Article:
The characters were sort of boring or too stereotypical, and the plot, though interesting, was too broken up for me to appreciate it. Okay, the main character, Joe, did struggle with the bi
Terry Everett
Jan 08, 2015 rated it it was amazing  ·  review of another edition
What a powerful book.
Nov 16, 2012 rated it it was ok  ·  review of another edition
Told from the perspective of a 13 year old Indian boy in 1988, it is the story of how the brutal rape of his mother effects his life, the life of his family and his community. A New York Times best seller, many must find this book compelling, however I found the writing tedious and had a hard time finishing.
Kelly (and the Book Boar)
Find all of my reviews at:

First things first, yes I am going to use gifs even whilst reviewing a real modern day classic. Don’t like it? Suck it.

Okay. Now that that is out of the way let me ask you all a question: Are you a lunatic like me and sometimes actively seek out something in hopes that it will make you feel bad? If not, let me ‘splain things. I was born with a bit of a deficiency . . .

Palm Springs commercial photography

It takes a lot to make me have any emotion aside from happiness or
Julie Christine
On two successive nights this week I woke suddenly, yelling out in fright. In my dreams I was moments away from becoming the victim of a horrific assault. Shaken, I turned on the light, shifting uncomfortably in sheets soaked in my sweat, and I reached for The Round House. Louise Erdrich’s profound novel haunted my dreams and moved me to tears and laughter in my waking hours.

Geraldine Coutts, an Ojibwe living on a reservation in North Dakota, doesn’t escape from her nightmare. On a gentle spring
Cathy DuPont
Oct 05, 2012 rated it it was amazing  ·  review of another edition
Recommended to Cathy by: Will Byrnes
With many thanks to my friend, Will Byrnes, I read The Round House and while stingy with five stars, this book was without question, five stars. If I could give it more, I would.

I had prior knowledge of the problem of crimes against women on U. S. Indian Reservations specifically the inability of determining jurisdiction of areas, adding to the fact (due to a U.S. Supreme Court ruling) that on the reservation, non-Indians cannot be charged with crimes committed on Indian reservations, so I wasn’
I still haven't forgiven Louise Erdrich for The Crown of Columbus, that turd of a book she wrote with her then-husband, Michael Dorris. National Book Award winner, or not, quite honestly, I only read this one because I needed a book set in North Dakota for my Reading the 50 States challenge.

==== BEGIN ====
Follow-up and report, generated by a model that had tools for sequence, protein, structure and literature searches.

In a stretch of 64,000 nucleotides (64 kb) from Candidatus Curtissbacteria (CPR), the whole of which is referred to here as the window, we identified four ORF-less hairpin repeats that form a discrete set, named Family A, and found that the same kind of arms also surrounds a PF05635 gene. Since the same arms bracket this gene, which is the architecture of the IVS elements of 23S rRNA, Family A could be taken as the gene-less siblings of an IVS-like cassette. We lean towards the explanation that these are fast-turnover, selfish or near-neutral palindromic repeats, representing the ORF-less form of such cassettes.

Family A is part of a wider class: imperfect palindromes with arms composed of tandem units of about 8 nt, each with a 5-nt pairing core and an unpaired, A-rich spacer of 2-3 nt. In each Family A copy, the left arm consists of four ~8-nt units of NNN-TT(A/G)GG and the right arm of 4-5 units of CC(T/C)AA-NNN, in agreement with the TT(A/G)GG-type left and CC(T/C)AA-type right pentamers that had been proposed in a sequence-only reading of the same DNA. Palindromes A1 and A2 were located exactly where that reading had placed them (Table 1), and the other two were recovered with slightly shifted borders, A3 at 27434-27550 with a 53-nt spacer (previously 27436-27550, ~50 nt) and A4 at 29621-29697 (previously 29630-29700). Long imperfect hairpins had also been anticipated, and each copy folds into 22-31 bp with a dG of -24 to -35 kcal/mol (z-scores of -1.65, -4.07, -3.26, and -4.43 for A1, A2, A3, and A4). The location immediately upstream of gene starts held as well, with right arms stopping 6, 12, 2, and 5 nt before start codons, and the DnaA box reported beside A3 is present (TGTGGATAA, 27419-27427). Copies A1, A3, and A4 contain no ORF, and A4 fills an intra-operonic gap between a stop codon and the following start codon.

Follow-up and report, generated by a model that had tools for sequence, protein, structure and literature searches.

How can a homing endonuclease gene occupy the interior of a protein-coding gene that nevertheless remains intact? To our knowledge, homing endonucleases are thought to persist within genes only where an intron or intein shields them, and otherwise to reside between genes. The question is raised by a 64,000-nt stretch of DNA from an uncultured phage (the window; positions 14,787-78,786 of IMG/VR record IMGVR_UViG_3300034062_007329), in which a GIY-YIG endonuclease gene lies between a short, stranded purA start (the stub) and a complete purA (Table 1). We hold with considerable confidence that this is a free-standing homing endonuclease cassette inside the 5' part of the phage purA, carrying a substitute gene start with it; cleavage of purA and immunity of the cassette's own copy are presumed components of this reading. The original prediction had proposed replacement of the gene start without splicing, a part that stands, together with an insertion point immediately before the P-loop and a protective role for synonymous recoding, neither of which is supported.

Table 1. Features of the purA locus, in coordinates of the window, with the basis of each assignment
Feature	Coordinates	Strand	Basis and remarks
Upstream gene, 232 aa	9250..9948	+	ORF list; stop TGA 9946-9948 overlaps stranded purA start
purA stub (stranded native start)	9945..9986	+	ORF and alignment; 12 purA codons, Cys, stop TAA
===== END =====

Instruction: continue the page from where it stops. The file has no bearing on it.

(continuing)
I was actually fine with the main storyline of how a mother's brutal rape affects the entire family, UNTIL Erdrich began introducing minor characters with stories to tell that were far richer and more compel
Jenny (Reading Envy)
I was in a rush to finish this tonight before the National Book Award winner was announced, and I got to the last page right as the ceremony was starting. It ended up winning this year's award, so I'm glad I chose this novel to read over the other two I didn't get to.

In an Ojibwe community, a mother is brutally raped. The novel is told from her son's perspective as their family tries to heal and they attempt to catch who did this horrible thing. Most of it is told in the time of the story, but o
Spring 1988. A woman is attacked and brutally raped somewhere in the Indian reservation. Joe, the thirteen-year-old son of Geraldine Coutts experienced the shock, horror and drama of his mother's condition when he and his father, Bazil, the tribal judge rushed her off to hospital.

Geraldine's only way of recovering was to shut herself up in a shell of silence and darkness, while the young boy struggled to grow up before the sun rose the next morning. Together with his father, and his best friend
Mij Woodward
Maybe it's my age (68). Maybe it's a peculiar idiosyncrasy that I am unable to tolerate ANY passages in a novel that seem to be aimed at teaching me something.

I do like to be taught. But in a novel, any teachings have to be cleverly disguised, and just sort of snuck into the plot.

Maybe all that I learned about the Chippewa in North Dakota, and the injustices they and other Native groups face from our country's stupid fractured legal system, and life on the reservation--maybe that learning deser